Sunday, July 20, 2008

Learning Something Old

I've recently been watching a lecture series from The Teaching Company entitled  "Fundamentals of Music", a music theory course.  Sixteen lectures by a great lecturer and musician, Professor Robert Greenberg, PhD., of San Francisco Performances. on how music works, why harmonies fit together (or not), the voices of different instruments (including the human voice), tonality, intervals, key signatures, all that stuff.

I'm mostly a self-taught musician.  I took piano lessons for several years as a kid and still know my way around a keyboard.  I'm not an expert, but I read music pretty well, can sight read a vocal piece with some accuracy, can usually tell if I'm sharp or flat, and love to invent harmonies when I'm singing with other people.  I'm not much on the discipline of singing with a choral group, but I do love making music.

However, I've never known how it all fits together.  My formation of chords has always been seat-of-the-pants; I've had no idea of the logic of music, just an intuitive sense of what sounds right.  When I was a kid, I learned to peck out a tune on the piano and find what bass chords or notes went with the melody notes I was playing.  I could see that there were patterns but had no understanding of why.

This course changed all that for me.  I was fascinated to learn what the structure of music is.  It's not a science, but it is rational.  It's not fantasy but it is non-rational.  Does that make sense?  Music brings rationality and non-rationality together in one place.  Like great painting, music has patterns that are highly rational and yet create something beyond rationality.

Listening to Dr. Greenberg's lively lectures, the piano examples and visuals he provided, and hearing the passages chosen for their relevance to the material presented has filled in many of the blanks in my understanding of how music works.  This has been a great experience.

6 comments:

LinguistFriend said...

Kit, I was lucky that in high school I had a music theory course in which we studied Paul Hindemith's "Elementary Training for Musicians" (something like that)from beginning to end, and then in my senior year of high school I read through Roger Session's very readable introduction to classical harmony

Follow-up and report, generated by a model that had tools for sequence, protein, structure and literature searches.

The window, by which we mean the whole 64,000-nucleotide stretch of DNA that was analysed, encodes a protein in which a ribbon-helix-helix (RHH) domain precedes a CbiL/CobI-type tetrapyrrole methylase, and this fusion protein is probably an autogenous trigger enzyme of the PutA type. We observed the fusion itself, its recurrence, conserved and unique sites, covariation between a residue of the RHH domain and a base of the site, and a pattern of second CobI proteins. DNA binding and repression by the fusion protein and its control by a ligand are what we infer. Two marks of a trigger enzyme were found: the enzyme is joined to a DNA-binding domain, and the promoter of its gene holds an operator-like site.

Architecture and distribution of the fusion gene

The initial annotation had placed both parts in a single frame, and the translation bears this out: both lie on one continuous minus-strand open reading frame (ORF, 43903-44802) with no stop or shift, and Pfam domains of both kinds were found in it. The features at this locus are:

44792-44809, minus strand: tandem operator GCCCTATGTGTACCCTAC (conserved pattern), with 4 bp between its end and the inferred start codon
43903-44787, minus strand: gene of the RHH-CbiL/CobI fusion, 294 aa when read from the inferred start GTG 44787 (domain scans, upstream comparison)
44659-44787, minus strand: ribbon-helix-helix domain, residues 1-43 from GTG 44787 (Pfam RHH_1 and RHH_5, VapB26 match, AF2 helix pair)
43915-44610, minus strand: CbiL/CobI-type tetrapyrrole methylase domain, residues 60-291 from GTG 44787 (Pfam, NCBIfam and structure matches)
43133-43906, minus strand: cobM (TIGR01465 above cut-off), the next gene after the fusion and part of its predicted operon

(the music teacher was a wonderful person who came out as a lesbian on national television in the '70s). From what you say, at this point you are ready to read those books or comparable ones (Hindemith first), and you will find it very rewarding, for instance, to understand the harmonic structure of the chords in a Bach chorale. I regret that I have forgotten a lot of this analytic background since I no longer do music actively. Harmony is not only rational, it is mathematically based, as the Greeks understood.

ms. kitty said...

Thanks, LF. I don't know that I will pursue more understanding very soon, but I appreciate the references and now know of more resources.

kim said...

Would those lectures be appropriate for the musically impaired? I can't carry a tune, and am sometimes tone deaf. I know it's weird, but it comes and goes. Other times i can tell if one instrument in an orchestra is off.
I know absolutely nothing about music except that if the note is higher on the paper it's higher. Even if I can only sometimes tell what "higher" is.
I have no sense of rhythm either.
But I would love to know more about music, so I would know better how to listen to it. I've received ads for those lectures and wondered if it would be appropriate for me. But they're too expensive to just try with no idea....

ms. kitty said...

Hi, Kim,
I think they would be helpful to a non-musical person. I got this set of DVDs on sale for $39.95 instead of the $300 or so it normally costs. You might check your local library and see if they have something like it.

kim said...

Great idea! I didn't think of the library, but we have one near us that's mostly things recorded (both video and audio). I'll check with them.
thanks.

ms. kitty said...

If you strike out on that, I would be willing to lend you my set. Another friend has them right now, but when she's done, I can send them to you.